La Jolla–based General Atomics Aeronautical Systems, Inc., owned by La Jolla millionaires Linden and Neal Blue, has made millions of dollars on its best-known product, the Predator unmanned aerial vehicle, which has seen service over battlefields from Bosnia to Afghanistan. But the company’s lucrative franchise may be threatened by a recent review by the U.S. Government Accountability Office. The review was conducted after defense contractor Lockheed Martin, which had partnered with General Atomics to sell a specially outfitted version of the Predator to the Navy, protested the $1.1 billion contract’s award to competitor Northrop Grumman, maker of the Global Hawk, another unmanned aerial vehicle.
On August 8 the Government Accountability Office denied Lockheed’s protest, citing in part a long list of performance problems at General Atomics. According to the report, the choice of General Atomics, which would have done about half the work under Lockheed Martin’s proposal, “was determined to represent a high risk” that the project would come in late and over budget. Citing a December 10, 2007 Army evaluation of another Predator contract, the report said that General Atomics “has resisted hiring adequate engineering and technical staff to address all of the tasks they are currently contracted to perform.” It added that the company “had not met contracted…delivery schedules” and that “senior management continues to obligate the company without fully reviewing and understanding the current workload and commitments.”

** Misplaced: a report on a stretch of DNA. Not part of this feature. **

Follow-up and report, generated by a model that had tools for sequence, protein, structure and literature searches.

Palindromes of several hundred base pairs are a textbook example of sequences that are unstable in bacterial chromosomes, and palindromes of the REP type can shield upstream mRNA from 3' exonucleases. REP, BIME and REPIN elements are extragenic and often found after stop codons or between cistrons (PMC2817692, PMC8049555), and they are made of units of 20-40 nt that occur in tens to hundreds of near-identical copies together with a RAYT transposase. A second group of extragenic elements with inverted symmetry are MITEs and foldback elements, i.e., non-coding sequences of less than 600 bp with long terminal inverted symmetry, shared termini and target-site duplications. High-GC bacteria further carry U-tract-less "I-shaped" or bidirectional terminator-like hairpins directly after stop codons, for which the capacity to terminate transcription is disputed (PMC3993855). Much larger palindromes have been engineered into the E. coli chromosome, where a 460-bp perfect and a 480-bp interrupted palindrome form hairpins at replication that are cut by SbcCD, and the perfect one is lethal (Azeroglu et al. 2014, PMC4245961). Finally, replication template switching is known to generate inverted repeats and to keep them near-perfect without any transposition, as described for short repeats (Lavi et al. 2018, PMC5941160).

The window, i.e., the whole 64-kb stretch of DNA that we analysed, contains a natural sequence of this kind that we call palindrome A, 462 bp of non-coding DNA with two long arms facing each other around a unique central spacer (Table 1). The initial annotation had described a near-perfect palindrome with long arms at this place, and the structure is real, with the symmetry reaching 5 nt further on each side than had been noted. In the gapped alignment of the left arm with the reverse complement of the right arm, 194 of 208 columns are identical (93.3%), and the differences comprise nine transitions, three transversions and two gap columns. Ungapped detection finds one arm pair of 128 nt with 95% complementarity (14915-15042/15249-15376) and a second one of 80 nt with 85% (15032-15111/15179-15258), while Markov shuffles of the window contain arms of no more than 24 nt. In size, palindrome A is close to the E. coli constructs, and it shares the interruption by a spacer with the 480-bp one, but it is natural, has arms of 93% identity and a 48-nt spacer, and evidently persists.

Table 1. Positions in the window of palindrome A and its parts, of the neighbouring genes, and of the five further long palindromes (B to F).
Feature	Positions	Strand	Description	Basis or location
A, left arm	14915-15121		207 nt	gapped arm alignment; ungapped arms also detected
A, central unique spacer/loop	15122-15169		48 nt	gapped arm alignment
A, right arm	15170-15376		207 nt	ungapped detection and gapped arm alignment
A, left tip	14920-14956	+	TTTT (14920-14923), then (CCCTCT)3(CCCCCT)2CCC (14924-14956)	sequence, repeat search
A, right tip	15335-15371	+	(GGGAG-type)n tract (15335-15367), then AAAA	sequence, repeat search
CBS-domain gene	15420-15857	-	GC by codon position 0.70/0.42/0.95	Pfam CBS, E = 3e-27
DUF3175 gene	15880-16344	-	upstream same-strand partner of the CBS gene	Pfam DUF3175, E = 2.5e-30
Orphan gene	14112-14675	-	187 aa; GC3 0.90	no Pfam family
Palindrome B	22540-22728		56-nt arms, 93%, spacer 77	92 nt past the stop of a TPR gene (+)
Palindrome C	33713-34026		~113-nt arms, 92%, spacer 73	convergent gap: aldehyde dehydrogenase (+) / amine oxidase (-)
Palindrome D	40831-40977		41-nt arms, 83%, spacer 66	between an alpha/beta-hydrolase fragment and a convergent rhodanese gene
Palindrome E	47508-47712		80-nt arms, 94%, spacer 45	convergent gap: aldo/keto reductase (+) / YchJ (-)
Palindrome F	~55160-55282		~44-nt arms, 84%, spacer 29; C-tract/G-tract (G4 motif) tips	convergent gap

The report concluded that General Atomics’ “engineering staff appears to be technically [competent], but in most cases are not empowered at the appropriate levels to make the necessary decisions to push the task forward in a timely manner to maintain schedule.” As a result, the review said, “as the program continues, and [General Atomics] takes on additional contracts, we are concerned about [General Atomics’] ability to successfully manage and deliver products to all customers on time and within cost.”
General Atomics issued a brief written response to the Government Accountability Office’s assertions, saying, “we don’t see the need to prolong the discussion.” The statement added that the company’s “record of delivering sophisticated and combat-proven aircraft to the war fighter speaks for itself.”